N B − V ehicles · (Lj × Rj ) Dw


Where N B − V ehicles = (V L or V R) + 1.


and Dw is the Dijkstra weight to the destination in term of distance. Under a low vehicle density, the forwarders on intersections don’t learn the connectivity information and the number of vehicles in certain segments, in this case the vehicle will base only on the Dijkstra weight for such segments that didn’t provide their connectivity information and their total number of nodes., Figure 4 shows one such scenario, when the source vehicle calculates the Dw for each segment. Based on the velocity vector the source vehicle decides to carry the packet until the next intersection because its velocity vector is towards the shortest path to the destination.

: Ordinary Vehicle

: Dest inat ion Vehicle : Carry & Forward

: Source/ Forwarder Vehicle

: Int ersect ion (junct ion)

: Greedy Forwarding

Fig. 4: Path Selection

3) Data delivering mechanism: As mentioned before, our protocol uses two mechanisms to deliver data to destination, greedy forwarding in the case of connected segment between two successive junctions, and improved carry and forward in the case of disconnected segment (cf. Figure 4). Greedy forwarding consists to choose the nearest vehicle in the direction to the destination as a forwarder, that will repeat the same process until the packet reaches the destination or a junction. However, the Improved Carry & Forward is used when there is not a nearest neighbor to the destination and the last one is out of range. To ensure fast delivery, we choose the vehicle with highest velocity as forwarder, it’s for that reason that we call it improved carry and forward. Pseudo code of our approach is illustrated in Algorithm 1. Algorithm 1: IRTIV pseudo code 1 C ← The current vehicle; 2 D ← The destination vehicle; 3 J ← The next intersection (Junction); 4 Nc ← The set of one hop neighbors of C; 5 if C = D then 6 Received packet (Success); 7 else 8 if D ∈ Nc then 9 Forward (packet,D); 10 else 11 if Position(C) ∈ Intersection areas then 12 foreach Segmenti do i 13 W eighti = N B−VDehicles · (Lji × Rji ) wi 14 15 16 17 18 19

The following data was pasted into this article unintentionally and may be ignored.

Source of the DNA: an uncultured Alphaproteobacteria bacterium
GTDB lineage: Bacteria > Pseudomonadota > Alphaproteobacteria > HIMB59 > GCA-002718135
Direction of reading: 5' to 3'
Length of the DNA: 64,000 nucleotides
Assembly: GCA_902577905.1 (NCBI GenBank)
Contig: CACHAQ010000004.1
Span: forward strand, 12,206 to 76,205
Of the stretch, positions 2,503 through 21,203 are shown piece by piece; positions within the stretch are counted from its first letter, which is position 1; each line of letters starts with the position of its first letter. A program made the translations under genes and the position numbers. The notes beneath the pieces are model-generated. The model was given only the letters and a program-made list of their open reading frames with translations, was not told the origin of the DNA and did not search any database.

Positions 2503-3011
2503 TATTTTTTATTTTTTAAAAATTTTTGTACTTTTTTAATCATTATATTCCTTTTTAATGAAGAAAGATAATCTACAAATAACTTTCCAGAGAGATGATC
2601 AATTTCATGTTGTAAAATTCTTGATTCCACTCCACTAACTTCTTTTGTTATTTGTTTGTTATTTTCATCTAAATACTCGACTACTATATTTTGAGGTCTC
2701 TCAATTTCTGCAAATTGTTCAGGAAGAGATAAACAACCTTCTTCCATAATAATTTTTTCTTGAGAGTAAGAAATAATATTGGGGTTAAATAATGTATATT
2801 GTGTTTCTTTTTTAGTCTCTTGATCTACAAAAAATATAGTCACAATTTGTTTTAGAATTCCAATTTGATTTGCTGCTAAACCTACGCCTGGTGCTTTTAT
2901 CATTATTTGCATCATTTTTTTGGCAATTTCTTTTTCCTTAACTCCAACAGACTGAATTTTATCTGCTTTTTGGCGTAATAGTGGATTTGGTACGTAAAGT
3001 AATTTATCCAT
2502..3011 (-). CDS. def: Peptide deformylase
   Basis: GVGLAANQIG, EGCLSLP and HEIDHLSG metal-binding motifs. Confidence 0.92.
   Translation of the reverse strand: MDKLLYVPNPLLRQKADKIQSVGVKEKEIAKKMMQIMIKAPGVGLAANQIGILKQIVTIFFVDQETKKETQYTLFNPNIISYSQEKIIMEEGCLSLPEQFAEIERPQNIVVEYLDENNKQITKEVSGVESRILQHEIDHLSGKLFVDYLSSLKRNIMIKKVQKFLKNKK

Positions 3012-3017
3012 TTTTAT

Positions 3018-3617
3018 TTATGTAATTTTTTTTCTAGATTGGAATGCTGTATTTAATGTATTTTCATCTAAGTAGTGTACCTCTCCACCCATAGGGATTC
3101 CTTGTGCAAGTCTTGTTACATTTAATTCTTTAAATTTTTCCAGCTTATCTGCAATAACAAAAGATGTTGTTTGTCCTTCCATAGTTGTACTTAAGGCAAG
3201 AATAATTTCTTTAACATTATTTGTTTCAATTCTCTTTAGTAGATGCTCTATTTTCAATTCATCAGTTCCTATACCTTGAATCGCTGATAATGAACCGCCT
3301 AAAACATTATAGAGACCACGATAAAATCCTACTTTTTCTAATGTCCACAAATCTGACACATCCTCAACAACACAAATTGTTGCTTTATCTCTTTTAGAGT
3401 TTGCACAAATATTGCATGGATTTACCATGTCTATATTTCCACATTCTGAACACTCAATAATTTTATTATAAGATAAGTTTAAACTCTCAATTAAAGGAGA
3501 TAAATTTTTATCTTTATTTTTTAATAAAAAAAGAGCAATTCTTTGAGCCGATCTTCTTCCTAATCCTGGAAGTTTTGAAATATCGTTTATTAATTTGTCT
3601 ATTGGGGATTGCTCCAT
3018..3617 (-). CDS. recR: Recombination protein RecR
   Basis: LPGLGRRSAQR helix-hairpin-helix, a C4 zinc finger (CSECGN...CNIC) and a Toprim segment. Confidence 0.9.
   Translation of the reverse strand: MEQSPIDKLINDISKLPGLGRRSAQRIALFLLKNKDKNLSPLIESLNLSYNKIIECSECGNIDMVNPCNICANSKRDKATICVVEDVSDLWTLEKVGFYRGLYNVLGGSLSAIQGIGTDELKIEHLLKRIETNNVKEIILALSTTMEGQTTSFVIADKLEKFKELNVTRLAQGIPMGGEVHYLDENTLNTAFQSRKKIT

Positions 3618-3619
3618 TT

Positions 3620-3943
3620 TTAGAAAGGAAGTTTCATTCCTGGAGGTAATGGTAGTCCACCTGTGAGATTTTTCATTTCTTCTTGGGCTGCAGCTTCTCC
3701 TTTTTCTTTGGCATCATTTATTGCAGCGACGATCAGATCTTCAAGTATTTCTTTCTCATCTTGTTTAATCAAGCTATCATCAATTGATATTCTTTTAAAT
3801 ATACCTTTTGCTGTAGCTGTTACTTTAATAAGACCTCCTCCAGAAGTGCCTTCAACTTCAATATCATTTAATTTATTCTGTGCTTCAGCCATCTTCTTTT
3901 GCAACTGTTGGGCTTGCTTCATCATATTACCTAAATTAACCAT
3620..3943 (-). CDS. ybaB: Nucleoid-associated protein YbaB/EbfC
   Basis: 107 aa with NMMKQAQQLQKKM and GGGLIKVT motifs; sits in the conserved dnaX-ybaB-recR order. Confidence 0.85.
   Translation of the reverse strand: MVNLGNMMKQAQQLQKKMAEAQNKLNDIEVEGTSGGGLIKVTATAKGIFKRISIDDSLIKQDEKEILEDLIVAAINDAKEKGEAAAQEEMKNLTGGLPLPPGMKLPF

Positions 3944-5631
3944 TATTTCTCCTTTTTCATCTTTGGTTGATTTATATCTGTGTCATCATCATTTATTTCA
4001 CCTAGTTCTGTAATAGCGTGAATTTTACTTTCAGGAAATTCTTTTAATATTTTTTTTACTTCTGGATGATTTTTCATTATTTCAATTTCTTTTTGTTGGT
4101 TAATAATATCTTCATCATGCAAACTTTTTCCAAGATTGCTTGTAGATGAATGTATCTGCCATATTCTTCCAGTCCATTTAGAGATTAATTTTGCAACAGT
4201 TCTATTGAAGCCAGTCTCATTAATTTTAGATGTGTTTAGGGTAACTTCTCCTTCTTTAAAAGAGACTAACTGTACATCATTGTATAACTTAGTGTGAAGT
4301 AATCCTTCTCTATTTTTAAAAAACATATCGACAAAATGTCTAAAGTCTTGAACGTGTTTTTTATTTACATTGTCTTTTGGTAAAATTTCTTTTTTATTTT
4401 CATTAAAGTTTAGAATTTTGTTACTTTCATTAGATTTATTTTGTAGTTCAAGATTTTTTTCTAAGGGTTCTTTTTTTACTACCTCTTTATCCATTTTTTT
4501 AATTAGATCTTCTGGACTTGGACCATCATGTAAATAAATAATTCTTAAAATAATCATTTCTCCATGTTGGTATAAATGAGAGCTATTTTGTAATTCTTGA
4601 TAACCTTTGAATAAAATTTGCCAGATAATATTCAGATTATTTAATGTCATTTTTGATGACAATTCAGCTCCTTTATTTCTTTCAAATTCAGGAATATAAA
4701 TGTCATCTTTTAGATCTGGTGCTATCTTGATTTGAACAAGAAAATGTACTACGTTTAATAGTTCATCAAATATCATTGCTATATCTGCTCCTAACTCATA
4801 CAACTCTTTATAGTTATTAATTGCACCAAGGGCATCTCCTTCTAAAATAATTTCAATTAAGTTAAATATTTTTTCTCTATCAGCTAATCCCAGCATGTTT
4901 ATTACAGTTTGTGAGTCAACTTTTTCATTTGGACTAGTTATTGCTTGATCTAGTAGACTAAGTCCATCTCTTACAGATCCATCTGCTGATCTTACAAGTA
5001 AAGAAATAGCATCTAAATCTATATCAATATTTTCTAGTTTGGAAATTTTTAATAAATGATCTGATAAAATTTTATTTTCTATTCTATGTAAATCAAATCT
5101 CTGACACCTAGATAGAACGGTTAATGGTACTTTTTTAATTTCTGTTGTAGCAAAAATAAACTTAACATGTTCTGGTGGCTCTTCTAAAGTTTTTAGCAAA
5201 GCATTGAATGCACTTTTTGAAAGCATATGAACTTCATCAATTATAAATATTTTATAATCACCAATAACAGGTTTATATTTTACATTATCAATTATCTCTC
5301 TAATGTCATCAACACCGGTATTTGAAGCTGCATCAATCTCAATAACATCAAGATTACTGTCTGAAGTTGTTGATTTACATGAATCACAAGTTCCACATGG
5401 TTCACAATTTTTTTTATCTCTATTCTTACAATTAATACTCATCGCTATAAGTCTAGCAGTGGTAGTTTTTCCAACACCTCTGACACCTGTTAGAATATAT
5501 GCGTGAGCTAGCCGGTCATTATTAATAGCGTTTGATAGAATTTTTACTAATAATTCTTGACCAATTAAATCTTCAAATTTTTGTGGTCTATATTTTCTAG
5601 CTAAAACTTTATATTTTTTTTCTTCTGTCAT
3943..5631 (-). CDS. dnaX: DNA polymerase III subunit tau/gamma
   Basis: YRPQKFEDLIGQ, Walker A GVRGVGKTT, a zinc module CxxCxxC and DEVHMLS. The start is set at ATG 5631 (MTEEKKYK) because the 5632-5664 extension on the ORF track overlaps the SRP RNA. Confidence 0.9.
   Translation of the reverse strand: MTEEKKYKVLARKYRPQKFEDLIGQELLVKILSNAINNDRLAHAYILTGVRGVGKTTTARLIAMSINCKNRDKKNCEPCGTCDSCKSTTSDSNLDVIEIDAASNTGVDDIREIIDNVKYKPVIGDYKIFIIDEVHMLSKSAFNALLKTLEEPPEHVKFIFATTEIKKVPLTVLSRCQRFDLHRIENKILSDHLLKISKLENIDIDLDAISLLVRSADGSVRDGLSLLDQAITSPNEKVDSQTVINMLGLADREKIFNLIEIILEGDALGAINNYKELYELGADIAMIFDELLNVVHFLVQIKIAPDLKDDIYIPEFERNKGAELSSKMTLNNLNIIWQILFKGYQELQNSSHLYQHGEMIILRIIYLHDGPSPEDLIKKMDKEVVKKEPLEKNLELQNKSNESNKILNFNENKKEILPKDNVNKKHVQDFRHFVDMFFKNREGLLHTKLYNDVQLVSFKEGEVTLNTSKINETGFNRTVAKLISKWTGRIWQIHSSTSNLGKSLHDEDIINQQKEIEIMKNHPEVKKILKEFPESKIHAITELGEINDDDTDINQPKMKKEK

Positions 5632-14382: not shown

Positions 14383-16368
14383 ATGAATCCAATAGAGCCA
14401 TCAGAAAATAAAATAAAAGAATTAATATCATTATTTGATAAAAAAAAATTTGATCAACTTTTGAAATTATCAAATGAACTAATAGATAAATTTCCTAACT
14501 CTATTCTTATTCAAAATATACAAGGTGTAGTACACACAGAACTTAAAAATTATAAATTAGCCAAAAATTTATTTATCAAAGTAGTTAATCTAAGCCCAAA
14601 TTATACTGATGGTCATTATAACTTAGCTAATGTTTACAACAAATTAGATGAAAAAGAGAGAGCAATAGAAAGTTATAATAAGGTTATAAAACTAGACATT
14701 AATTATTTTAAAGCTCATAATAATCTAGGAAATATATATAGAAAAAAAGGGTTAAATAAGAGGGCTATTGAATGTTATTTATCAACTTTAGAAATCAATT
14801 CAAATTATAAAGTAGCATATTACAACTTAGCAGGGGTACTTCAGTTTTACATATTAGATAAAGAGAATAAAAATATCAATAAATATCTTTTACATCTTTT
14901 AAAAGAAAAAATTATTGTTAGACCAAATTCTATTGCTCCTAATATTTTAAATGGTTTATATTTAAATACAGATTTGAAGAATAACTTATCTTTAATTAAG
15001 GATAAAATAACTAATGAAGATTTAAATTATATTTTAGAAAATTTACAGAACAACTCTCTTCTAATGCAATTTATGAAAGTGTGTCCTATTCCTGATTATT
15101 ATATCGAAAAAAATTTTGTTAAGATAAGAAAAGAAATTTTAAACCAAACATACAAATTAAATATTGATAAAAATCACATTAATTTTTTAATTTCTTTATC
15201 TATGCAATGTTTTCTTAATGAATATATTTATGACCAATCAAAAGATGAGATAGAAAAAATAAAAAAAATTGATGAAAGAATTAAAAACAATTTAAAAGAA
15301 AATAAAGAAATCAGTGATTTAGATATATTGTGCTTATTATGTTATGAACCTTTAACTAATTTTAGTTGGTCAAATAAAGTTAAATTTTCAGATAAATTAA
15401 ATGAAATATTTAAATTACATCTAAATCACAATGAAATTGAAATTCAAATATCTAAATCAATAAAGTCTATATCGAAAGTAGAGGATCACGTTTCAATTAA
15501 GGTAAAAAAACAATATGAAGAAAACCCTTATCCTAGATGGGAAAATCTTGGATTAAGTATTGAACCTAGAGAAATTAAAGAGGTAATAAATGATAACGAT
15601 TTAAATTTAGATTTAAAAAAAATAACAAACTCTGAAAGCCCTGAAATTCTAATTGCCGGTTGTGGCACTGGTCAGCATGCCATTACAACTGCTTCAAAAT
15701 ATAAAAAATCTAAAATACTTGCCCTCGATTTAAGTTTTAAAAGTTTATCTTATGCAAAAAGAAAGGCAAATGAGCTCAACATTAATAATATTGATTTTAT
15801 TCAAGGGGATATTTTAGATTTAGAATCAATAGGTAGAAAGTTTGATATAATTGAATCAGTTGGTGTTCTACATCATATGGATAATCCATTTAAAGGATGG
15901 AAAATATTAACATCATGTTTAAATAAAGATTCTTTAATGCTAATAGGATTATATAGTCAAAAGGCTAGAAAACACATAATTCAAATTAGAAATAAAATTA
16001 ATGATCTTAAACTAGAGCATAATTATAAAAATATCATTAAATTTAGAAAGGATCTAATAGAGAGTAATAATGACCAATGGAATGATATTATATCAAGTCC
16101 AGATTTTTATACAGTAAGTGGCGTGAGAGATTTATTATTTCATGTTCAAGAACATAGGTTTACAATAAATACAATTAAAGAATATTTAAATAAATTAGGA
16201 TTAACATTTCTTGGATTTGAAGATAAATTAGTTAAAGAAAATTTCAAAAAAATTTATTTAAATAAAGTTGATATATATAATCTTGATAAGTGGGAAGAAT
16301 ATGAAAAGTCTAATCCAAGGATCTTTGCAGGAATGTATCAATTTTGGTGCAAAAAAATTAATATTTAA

J ← M ax of all (Segmenti , W eighti ); if ∃ vehicle ∈ Nc then Greedy Forwarding (packet, vehicle); else The improved carry & forward (packet,C); Wait For Neighbours();



0,4 0,35

A. Simulation environment The performance of our protocol is evaluated using ns2.34 [7] simulator, and we compared it with AODV [8] and GyTAR [2]. The simulation scenario represents an area 3×3 km2 of a city map. The important mobility tool [9] is used to generate the traffic and mobility Manhattan model. The road segments are bidirectional, the vehicles speeds are up to 60 km/h, and the number of vehicles is varying between 80 and 180 depending on the adopted scenario. The following table I summarizes the most important parameters:


Simulation area Number of intersection Number of roads Communication range Number of packets senders Data packet size Number of vehicles Vehicle speed

3000m × 3000m 9 24 300m 35 1 KB 80-180 0-60 Km/h

The protocol performances are evaluated based on two parameters (i) Packet Delivery Ratio (PDR) representing the ratio of successfully delivered packets to the total number of packets generated by the source. (ii) End-to-End Delay (EED) representing the average between the instant of sending the packet and the instant of receiving it. Figure 5 shows that our protocol IRTIV gives a best performances in comparison with the other protocols in term of packet delivery ratio. It’s clear that the PDR of IRTIV and GyTAR increases as the number of vehicles increase, due to the enhancement of connectivity as they choose in different ways the most connected segment, but, IRTIV achieves a better performance due the use of the improved carry & forward in sparse network . However, for AODV, the broadcast of route request packet can increase the collision in the medium which leads to a low PDR. For the average end-to-end delay figure 6 illustrates that IRTIV outperforms largely AODV and GyTAR whatever the vehicles densities. IRTIV achieves the lowest end-to-end delay in reason of the combination between the greedy forwarding, the Dijkstra algorithm, the availability of connected paths instantaneously. 1 0,9